A couple of weeks ago, President Obama signed the Serve America Act, shining a spotlight on the importance of service and volunteering to the country. The bill is designed, among other things, to create 175,000 new service opportunities nationwide and authorizes nearly $6 bilion over five years to strengthen the country’s commitment to service. In this edition of Drucker Apps, you’ll find tools that will help you understand why the social sector is crucial to the health of our communities, why nonprofits should be relentlessly results driven, and how volunteering is of value not only to nonprofits but to the volunteers themselves. These insights—at once timely and timeless—are based on the ideas and ideals of the late Peter F. Drucker, the father of modern management.
A balm for a sick society
“If we don’t want to have serious social problems, we have to increase the effectiveness and the resources of the nonprofit sector.”— Peter F. Drucker to the Economic Club of Washington
- Why the nonprofit sector needs to pick up where the other sectors leave off. Read pages 13-15 here.
- How the lines between the for-profit and nonprofit worlds are blurring. Read Rick Wartzman’s BusinessWeek column here.
Getting beyond good intentions
“Nonprofits are, of course, still dedicated to doing good. But they also realize that good intentions are no substitute for organization and leadership, for accountability, performance, and results.”— Peter F. Drucker, Classic Drucker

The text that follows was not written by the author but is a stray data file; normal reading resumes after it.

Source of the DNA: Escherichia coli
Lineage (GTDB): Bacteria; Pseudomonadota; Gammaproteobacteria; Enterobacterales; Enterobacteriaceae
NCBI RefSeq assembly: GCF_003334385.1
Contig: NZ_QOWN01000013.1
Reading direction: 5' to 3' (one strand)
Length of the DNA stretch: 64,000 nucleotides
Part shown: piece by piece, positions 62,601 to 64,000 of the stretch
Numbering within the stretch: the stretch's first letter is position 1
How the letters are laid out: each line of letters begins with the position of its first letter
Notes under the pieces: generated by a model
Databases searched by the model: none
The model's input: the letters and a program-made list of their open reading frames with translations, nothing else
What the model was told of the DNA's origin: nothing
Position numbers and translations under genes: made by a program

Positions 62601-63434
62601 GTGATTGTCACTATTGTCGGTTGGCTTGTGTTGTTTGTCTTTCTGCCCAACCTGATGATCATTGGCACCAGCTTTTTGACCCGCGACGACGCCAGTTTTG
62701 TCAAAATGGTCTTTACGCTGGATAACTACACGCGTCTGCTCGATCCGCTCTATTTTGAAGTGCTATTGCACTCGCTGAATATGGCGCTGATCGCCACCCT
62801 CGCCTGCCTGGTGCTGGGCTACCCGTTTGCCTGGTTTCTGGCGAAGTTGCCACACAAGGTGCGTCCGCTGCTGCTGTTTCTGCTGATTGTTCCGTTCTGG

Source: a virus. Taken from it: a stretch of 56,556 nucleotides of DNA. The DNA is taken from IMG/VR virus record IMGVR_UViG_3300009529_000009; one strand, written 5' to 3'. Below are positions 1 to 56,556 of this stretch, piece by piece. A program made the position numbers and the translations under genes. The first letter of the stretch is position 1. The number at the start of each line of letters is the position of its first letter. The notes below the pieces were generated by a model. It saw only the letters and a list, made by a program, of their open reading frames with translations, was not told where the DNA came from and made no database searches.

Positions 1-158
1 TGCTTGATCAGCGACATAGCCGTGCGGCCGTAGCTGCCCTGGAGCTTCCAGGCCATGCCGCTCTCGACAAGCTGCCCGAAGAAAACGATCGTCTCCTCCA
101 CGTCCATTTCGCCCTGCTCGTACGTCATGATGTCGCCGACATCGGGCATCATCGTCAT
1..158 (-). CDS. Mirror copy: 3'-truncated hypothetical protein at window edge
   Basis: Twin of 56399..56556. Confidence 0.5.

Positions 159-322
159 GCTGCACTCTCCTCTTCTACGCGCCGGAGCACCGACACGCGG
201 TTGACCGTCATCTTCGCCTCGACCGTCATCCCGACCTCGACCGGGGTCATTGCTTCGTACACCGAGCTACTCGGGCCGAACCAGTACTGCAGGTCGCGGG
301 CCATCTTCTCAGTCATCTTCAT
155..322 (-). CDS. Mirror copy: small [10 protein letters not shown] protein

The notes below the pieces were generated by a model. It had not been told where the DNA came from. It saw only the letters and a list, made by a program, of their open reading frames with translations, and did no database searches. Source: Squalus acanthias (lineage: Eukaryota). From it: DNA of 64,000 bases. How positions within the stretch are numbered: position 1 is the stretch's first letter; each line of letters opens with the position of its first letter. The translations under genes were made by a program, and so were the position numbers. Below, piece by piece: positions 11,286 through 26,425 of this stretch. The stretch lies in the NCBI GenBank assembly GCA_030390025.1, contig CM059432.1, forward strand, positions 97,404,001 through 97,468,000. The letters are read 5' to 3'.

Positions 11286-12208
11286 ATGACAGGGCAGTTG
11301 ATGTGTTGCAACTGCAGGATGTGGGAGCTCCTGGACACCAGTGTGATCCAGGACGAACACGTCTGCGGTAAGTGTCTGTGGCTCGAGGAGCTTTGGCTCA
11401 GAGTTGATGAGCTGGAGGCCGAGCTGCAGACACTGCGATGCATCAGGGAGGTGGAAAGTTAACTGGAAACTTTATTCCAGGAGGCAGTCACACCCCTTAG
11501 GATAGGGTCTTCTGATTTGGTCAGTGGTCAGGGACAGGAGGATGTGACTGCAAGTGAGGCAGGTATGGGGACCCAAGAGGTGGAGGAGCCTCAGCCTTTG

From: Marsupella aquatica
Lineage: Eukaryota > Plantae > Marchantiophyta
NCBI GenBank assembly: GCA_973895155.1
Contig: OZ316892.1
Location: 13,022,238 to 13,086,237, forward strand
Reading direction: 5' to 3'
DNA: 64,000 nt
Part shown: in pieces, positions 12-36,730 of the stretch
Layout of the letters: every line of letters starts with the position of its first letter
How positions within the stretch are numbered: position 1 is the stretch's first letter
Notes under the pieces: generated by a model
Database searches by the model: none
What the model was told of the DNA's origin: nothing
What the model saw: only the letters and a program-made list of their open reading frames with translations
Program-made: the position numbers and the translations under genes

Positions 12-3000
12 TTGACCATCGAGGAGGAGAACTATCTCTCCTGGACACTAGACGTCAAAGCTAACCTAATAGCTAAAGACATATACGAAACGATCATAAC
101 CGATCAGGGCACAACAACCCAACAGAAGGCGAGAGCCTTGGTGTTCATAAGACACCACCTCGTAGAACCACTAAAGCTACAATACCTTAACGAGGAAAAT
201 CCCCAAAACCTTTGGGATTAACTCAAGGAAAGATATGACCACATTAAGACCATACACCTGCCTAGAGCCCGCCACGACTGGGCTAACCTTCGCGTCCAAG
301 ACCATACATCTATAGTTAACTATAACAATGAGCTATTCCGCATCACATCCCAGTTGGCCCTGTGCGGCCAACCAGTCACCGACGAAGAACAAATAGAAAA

- What businesses can learn from nonprofits. Read more here.
- Hear Alan Khazei, founder and CEO of Be the Change Inc. (and a co-chair of the Drucker Centennial Committee), discuss how the new national service act is focused on impact.
Why giving is as good as receiving
“What U.S. nonprofits do for their volunteers may well be just as important as what they do for the recipients of their services”— Peter F. Drucker, Post-Capitalist Society
- Volunteering as the “mark of community.” Read more here by searching “mark of community.”
- Listen to California Secretary of Service and Volunteering Karen Baker on the “buzz” volunteers get from giving their time.
The volunteer’s responsibility
“From the chief executive of a nonprofit on down through the ranks of paid staff and volunteers, the person with the most responsibility for an individual’s development is the person himself—not the boss.”— Peter F. Drucker, Managing the Nonprofit Organization
- How to get the most out of yourself as a volunteer. Click here to read more.
- Watch Peter Drucker explain why volunteer time is more valuable than monetary donations